Meeker: Mobile Advertising A $20 Billion Opportunity In US
Mobile advertising will come in somewhere around $2.5 to $3.0 billion in the US this year. However Kleiner Perkins’ Mary Meeker, who is a former Morgan Stanley analyst, says the opportunity is roughly $20 billion. Among the 110 slides in her presentation to the D10 conference yesterday is one that illustrates her thinking on this point.
This is one of those familiar time spent vs. share of ad spend slides that everyone has seen. Meeker shows online advertising almost catching up with consumer time spent — which Business Insider identified as a bad omen for online ad spending growth.
However there’s a major gap between time spent with mobile and monetization.
There are different stats and metrics floating around regarding how much time is spent with mobile. For example, ad network InMobi has argued that mobile web users are spending more time with mobile now than conventional TV (based on international Q4 2011 survey data). And Flurry Analytics has famously said that people in the US  spend more time in mobile apps than they do on the PC internet.
The logic behind these “time spent vs. ad spend” statements is the assumption that money will move with consumer eyeballs. That’s generally a correct assumption at the highest level. Advertisers want to be where audiences are. But friction, fragmentation and other challenges can complicate that migration.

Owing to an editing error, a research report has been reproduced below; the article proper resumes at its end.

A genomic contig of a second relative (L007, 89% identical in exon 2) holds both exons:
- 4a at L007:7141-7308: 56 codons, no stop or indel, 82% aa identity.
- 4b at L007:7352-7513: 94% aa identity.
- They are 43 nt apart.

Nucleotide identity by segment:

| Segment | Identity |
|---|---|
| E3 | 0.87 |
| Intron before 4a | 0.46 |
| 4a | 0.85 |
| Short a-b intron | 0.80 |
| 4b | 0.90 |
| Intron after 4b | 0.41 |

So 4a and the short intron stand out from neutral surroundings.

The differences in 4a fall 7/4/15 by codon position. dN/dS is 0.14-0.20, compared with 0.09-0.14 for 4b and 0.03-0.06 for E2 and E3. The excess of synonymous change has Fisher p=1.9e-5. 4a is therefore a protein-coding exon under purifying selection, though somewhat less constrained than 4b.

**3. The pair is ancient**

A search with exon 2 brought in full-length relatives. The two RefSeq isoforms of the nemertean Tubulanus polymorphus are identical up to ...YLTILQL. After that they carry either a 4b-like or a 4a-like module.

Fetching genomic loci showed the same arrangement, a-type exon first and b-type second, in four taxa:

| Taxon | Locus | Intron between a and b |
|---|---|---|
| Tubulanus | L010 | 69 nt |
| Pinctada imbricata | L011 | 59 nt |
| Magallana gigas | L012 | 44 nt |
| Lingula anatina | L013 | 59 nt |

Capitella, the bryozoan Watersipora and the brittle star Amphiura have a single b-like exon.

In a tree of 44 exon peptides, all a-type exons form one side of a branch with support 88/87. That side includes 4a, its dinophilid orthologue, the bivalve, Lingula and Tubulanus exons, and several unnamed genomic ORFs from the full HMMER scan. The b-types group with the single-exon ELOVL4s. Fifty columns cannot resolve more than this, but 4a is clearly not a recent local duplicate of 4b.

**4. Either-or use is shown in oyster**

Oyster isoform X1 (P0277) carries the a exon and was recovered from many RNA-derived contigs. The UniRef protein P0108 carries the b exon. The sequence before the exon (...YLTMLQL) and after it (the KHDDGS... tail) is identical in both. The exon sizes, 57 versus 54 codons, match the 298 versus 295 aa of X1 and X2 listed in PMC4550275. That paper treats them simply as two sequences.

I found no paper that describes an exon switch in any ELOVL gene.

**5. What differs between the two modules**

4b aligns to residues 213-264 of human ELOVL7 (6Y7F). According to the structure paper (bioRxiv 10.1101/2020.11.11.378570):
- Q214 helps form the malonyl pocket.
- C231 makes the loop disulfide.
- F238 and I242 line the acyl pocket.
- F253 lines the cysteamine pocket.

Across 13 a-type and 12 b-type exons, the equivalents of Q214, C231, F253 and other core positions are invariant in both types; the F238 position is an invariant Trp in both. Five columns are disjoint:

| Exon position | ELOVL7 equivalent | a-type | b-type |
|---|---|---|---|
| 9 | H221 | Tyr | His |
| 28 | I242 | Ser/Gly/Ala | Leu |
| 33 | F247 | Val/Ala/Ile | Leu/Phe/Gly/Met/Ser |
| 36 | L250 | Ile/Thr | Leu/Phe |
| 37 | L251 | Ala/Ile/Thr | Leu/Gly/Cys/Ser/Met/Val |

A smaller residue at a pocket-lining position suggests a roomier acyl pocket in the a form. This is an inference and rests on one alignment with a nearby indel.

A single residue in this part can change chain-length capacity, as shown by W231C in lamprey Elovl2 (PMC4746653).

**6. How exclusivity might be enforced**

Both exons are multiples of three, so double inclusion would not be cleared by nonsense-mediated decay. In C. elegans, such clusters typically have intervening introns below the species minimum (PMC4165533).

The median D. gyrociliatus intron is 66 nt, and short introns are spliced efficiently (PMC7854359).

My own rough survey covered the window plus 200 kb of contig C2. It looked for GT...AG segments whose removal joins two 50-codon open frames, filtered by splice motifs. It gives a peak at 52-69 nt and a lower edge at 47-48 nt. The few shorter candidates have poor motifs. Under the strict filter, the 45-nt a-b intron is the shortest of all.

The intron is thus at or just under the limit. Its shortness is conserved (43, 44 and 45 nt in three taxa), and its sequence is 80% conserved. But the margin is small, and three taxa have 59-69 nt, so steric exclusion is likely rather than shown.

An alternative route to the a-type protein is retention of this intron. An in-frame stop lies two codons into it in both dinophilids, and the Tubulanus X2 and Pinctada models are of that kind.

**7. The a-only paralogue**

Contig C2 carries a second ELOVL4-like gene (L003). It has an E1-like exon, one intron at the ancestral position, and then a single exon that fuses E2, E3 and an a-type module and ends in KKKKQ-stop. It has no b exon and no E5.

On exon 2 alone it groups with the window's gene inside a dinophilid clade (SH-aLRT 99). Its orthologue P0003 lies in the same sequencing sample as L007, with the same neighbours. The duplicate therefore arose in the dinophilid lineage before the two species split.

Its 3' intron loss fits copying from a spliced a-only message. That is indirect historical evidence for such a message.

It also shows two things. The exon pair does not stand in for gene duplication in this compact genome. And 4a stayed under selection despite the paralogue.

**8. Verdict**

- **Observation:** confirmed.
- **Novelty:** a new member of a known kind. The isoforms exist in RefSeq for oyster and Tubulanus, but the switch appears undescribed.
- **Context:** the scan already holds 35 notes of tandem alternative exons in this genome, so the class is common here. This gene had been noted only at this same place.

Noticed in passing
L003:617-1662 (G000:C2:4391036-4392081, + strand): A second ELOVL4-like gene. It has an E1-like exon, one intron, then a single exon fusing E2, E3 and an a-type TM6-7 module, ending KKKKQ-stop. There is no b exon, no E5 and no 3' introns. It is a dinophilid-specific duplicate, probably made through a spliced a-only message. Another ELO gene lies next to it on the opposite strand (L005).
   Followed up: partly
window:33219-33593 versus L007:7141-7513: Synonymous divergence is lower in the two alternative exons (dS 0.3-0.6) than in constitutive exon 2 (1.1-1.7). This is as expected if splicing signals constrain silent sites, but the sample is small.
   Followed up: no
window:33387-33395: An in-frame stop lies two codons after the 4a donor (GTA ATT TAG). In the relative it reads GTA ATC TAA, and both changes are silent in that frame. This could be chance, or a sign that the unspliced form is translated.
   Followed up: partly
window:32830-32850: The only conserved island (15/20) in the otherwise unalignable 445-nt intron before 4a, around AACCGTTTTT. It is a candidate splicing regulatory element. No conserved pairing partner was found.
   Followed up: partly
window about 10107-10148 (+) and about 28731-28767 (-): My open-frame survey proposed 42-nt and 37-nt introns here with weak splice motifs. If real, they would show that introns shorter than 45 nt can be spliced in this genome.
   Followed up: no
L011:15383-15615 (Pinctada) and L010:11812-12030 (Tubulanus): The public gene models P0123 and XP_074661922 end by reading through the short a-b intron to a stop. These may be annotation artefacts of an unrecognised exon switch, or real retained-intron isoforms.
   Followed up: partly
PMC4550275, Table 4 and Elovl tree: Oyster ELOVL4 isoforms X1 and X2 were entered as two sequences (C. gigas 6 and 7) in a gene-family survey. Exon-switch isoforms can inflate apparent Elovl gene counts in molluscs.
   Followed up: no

Read more about mobile advertising reaching that $20 billion potential.

Meeker: Mobile Advertising A $20 Billion Opportunity In US

Mobile advertising will come in somewhere around $2.5 to $3.0 billion in the US this year. However Kleiner Perkins’ Mary Meeker, who is a former Morgan Stanley analyst, says the opportunity is roughly $20 billion. Among the 110 slides in her presentation to the D10 conference yesterday is one that illustrates her thinking on this point.

This is one of those familiar time spent vs. share of ad spend slides that everyone has seen. Meeker shows online advertising almost catching up with consumer time spent — which Business Insider identified as a bad omen for online ad spending growth.

However there’s a major gap between time spent with mobile and monetization.

There are different stats and metrics floating around regarding how much time is spent with mobile. For example, ad network InMobi has argued that mobile web users are spending more time with mobile now than conventional TV (based on international Q4 2011 survey data). And Flurry Analytics has famously said that people in the US  spend more time in mobile apps than they do on the PC internet.

The logic behind these “time spent vs. ad spend” statements is the assumption that money will move with consumer eyeballs. That’s generally a correct assumption at the highest level. Advertisers want to be where audiences are. But friction, fragmentation and other challenges can complicate that migration.

Read more about mobile advertising reaching that $20 billion potential.